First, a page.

The old and the new are combined in the rhythm of Judaism. Both instincts are satisfied. The ancient Hallel is indeed also a shirah hadashah. All of life testifies to this meeting of old and new in rhythm. Indeed, there is much that is new in that which is old. Our Torah is an old Torah. Its principles came down to us from Sinai. It is always the same Torah. But only one who has immersed himself totally in Talmud study, at least for a while, can appreciate the combination of old and new in talmud torah.The old and the new are combined? It's not much of a message. And even if you think it is, the instance of the message has no content, no application. What is the new in our Hallel? What is the old? How do you propose to combine them? Why is that meaningful and not trivial? And then there is the irony of the selection. Many people in the general population will be flummoxed by a statement from an Orthodox rabbi that says the new has a positive side to it. They see Orthodoxy as fearful of the new, erecting barriers to keep it out. It's just not a good selection. It doesn't say anything about Pesach or redemption, about the colorful rituals, about the playful texts and songs. There's just so much old and interesting to talk about in the seder....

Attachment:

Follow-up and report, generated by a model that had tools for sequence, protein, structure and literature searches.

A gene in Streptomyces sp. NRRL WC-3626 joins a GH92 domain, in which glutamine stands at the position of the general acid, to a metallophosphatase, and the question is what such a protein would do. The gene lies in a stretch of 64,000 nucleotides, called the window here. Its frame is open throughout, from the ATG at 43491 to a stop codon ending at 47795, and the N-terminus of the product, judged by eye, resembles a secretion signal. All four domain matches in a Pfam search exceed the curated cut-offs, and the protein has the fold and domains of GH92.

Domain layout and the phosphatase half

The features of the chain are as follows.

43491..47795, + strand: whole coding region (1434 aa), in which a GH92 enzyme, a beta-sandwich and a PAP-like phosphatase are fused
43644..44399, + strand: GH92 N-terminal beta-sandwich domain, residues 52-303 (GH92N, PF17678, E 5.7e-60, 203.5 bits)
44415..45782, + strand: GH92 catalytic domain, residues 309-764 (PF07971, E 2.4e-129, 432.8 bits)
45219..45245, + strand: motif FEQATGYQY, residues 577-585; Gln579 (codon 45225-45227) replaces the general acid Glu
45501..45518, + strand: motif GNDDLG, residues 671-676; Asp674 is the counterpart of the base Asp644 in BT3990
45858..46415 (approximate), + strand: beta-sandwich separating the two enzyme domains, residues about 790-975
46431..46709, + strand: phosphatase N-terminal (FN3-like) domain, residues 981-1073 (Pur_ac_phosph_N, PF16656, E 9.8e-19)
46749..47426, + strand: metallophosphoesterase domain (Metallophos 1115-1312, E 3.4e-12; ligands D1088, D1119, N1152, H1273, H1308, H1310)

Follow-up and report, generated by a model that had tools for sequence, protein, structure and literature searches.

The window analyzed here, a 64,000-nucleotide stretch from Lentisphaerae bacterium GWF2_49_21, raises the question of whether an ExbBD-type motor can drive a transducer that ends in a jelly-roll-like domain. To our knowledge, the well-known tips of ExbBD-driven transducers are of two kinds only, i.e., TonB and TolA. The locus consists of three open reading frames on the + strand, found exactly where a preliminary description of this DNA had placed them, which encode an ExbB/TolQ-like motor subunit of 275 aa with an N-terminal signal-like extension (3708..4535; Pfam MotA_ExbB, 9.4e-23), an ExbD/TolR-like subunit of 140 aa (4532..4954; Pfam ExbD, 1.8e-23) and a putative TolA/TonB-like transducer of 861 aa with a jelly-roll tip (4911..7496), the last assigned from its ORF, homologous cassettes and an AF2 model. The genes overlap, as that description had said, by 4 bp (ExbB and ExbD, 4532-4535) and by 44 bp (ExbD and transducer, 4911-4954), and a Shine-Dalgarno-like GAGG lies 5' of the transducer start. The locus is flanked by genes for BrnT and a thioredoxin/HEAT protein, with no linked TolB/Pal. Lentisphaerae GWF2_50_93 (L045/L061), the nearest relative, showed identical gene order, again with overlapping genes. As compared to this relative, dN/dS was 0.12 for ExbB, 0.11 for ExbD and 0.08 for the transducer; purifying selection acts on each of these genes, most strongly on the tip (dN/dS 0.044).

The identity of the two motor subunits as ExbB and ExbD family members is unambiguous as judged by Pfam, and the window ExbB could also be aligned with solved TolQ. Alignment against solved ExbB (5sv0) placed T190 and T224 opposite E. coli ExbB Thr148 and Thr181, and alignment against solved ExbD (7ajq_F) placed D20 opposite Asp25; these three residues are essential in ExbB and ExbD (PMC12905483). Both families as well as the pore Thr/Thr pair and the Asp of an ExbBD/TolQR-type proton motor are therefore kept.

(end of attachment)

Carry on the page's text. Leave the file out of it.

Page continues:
Here, then, is the lesson of the new song of the ge’ulim, the redeemed. The unredeemed can never understand this. We are always to combine the old and the new — to find new insights in the old, and relate the new to the permanent and unchanging. We must never be satisfied to keep the old without adding to it the dynamics of one's own soul, the life throbbing in our spirits and pulsating in our hearts. We must never forget to sing the old Hallel as if it were truly a shirah hadashah. If we fail to strive for hiddush, for the element of newness — then we are at the mercy of boredom — the horror of that "Same Old Thing" — and that is the death of the spirit. We must keep the old in sight; perceive in it the new through Insight; and as a result learn — to excite our souls and our spirits.
Someone called our attention to a book site for a haggadah by Rabbi Norman Lamm. Why couldn't anyone just tell them that this model excerpt from the book that they use on the site is, well, not the best choice?